There isn’t much you have to do when you are taking on board the task of remaking a blockbuster. Sure you adapt it for the new audience at hand but ultimately there’s a reason you chose the blockbuster to remake, because it was pretty damn good. So why then do you claim to make a remake of a blockbuster but decide to ruthlessly suck out the very soul of the original script?
Amit Sharma takes a perfectly fine family entertainer and turns it on its head. He sidelines the two leads and instead chooses to flaunt his love for the villain instead. Yes, what Tevar has promised you was all a grand lie. The film in fact is not about a young kabbadi player (Arjun Kapoor) and a damsel in distress (Sonakshi Sinha) on the run from a ruthless goon (Manoj Bajpai) but in fact in Sharma’s mind the film is the tragic tale of a ruthless goon who loses his love to a small town kabbadi player. How else do you explain the fact that for every 15 minute scene that Manoj Bajpai has, Arjun and Sonakshi get 5 mins. To add to that Amit takes the 2003 Telugu film and turns the clock back on the script by 23 years. You have cliched one liners, unrealistic fight sequences and believe it or not, a villain who refuses to wear his pants until he wins the girl. No we are not kidding about that last part, be brave and see for yourself!
Tevar ends up being the grandest of disappointments for multiple reasons. Firstly, a perfectly entertaining original script with just the right mix of genres for a commercial pot boiler, which is what the makers were aiming for, is completed destroyed in its adaptation. Secondly, an actor like Arjun Kapoor is pretty much put to shame onscreen with a wafer thin character sketch and that too in a home production. In fact wafer thin writing is perhaps the accurate way to describe the writing in general for Tevar. You’re not rooting for the damsel to be put out of her distress, you’re not feeling the romance, you’re getting sick of the villain’s slow-mo walks and the melodramatic music that accompanies and you’re just plain tired of ill timed song intervals.
Arjun Kapoor grasps with both hands at the very minimal scope he’s asked to work within. You walk out of the cinema hall feeling like you hardly saw the actor. He’s either busy bashing the goons or singing a song, uttering lines was just not on the agenda. Nevertheless he is the primary source of entertainment value of the film and no doubt the saving grace of the film. Sonakshi Sinha on the other hand simply couldn’t be bothered with this film. She sports all of 3-5 dumbfounded expressions throughout the film. Given that one of the highlights of Okkadu was the very subtle yet powerful chemistry between Mahesh Babu and Bhumika Chawla but sadly the jodi of Arjun and Sonakshi comes no where near to competing with that. In fact chemistry between the two is non-existent, definitely not what you want for a film which was originally a romantic road film of sorts. Coming now to Manoj Bajpai. He’s no doubt an impressive actor and even does an insanely ridiculous scene such as the many he was given in Tevar with amazing gusto however it is of little use when the character is misplaced and incorrectly utilised in the story. You’re pretty sure this is a movie about Pinto and Radhika but instead its this Gajendar Singh fellow that is shoved down your throat every other scene.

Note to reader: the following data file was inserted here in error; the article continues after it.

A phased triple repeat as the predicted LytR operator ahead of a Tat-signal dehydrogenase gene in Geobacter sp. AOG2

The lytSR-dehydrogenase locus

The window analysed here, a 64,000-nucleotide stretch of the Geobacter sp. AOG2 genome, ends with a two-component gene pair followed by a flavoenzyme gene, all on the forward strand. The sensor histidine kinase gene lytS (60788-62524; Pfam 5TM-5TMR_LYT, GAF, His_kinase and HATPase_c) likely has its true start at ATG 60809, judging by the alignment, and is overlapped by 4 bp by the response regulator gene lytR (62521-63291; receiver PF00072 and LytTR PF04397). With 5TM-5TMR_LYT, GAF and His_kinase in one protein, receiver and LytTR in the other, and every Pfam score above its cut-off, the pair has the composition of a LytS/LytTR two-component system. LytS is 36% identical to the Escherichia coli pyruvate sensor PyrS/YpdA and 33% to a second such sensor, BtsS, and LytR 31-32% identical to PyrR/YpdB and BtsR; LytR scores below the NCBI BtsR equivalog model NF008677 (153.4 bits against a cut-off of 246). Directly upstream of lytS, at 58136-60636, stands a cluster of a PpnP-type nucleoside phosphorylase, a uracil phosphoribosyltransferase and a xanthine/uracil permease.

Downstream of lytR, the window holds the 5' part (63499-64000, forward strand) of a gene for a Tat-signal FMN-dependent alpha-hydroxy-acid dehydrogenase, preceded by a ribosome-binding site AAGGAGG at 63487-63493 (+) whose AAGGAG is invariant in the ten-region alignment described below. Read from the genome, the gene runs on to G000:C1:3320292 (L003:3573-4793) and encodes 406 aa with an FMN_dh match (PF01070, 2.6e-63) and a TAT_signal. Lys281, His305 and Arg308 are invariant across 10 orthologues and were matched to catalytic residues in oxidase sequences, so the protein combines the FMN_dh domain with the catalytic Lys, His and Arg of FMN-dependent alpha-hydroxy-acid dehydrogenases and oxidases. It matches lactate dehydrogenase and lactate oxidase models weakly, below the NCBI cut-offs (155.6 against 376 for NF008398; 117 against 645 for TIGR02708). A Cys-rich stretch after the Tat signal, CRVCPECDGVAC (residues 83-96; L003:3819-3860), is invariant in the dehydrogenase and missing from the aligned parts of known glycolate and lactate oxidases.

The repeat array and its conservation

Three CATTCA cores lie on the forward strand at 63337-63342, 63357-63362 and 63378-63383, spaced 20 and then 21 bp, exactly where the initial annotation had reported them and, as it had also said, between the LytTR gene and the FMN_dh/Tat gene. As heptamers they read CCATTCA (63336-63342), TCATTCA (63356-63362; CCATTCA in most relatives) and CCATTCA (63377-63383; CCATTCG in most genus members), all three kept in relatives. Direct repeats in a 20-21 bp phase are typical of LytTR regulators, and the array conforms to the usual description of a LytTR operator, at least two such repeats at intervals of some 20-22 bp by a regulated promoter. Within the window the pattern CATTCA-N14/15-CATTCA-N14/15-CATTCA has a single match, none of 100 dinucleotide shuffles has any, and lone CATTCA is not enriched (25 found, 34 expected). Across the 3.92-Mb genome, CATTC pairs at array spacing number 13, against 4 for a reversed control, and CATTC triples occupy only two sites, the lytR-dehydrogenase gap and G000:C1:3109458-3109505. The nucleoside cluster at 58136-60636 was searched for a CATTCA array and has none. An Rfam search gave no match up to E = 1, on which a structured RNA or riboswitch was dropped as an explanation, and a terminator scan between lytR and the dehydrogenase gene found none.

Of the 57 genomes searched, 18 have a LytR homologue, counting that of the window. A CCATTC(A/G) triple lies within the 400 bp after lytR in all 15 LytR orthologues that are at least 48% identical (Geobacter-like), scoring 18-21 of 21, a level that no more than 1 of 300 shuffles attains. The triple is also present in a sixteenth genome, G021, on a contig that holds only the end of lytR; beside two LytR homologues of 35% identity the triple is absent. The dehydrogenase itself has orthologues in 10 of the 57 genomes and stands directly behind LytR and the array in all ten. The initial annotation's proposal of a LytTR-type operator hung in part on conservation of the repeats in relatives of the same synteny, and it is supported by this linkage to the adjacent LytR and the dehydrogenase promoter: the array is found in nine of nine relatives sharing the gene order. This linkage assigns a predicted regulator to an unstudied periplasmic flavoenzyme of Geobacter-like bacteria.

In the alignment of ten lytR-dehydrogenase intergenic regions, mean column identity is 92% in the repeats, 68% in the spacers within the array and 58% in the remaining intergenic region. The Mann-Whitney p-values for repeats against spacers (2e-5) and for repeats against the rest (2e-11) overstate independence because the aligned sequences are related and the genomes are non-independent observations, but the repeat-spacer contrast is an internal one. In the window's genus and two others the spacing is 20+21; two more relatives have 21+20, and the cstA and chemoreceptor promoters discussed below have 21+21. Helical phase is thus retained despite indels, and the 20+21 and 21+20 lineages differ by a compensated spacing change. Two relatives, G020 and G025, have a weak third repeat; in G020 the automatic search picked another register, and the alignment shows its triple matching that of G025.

The silver lining that keeps you somewhat engaged in Tevar is Laxman Utekar who paints such beautiful imagery with the most mediocre of scenes. Apart from that, Tevar has Arjun’s distinct charm to offer. Ultimately this love story between Amit Sharma and Manoj Bajpai ends up costing everyone involved a film that could have been every bit as impressive as its original.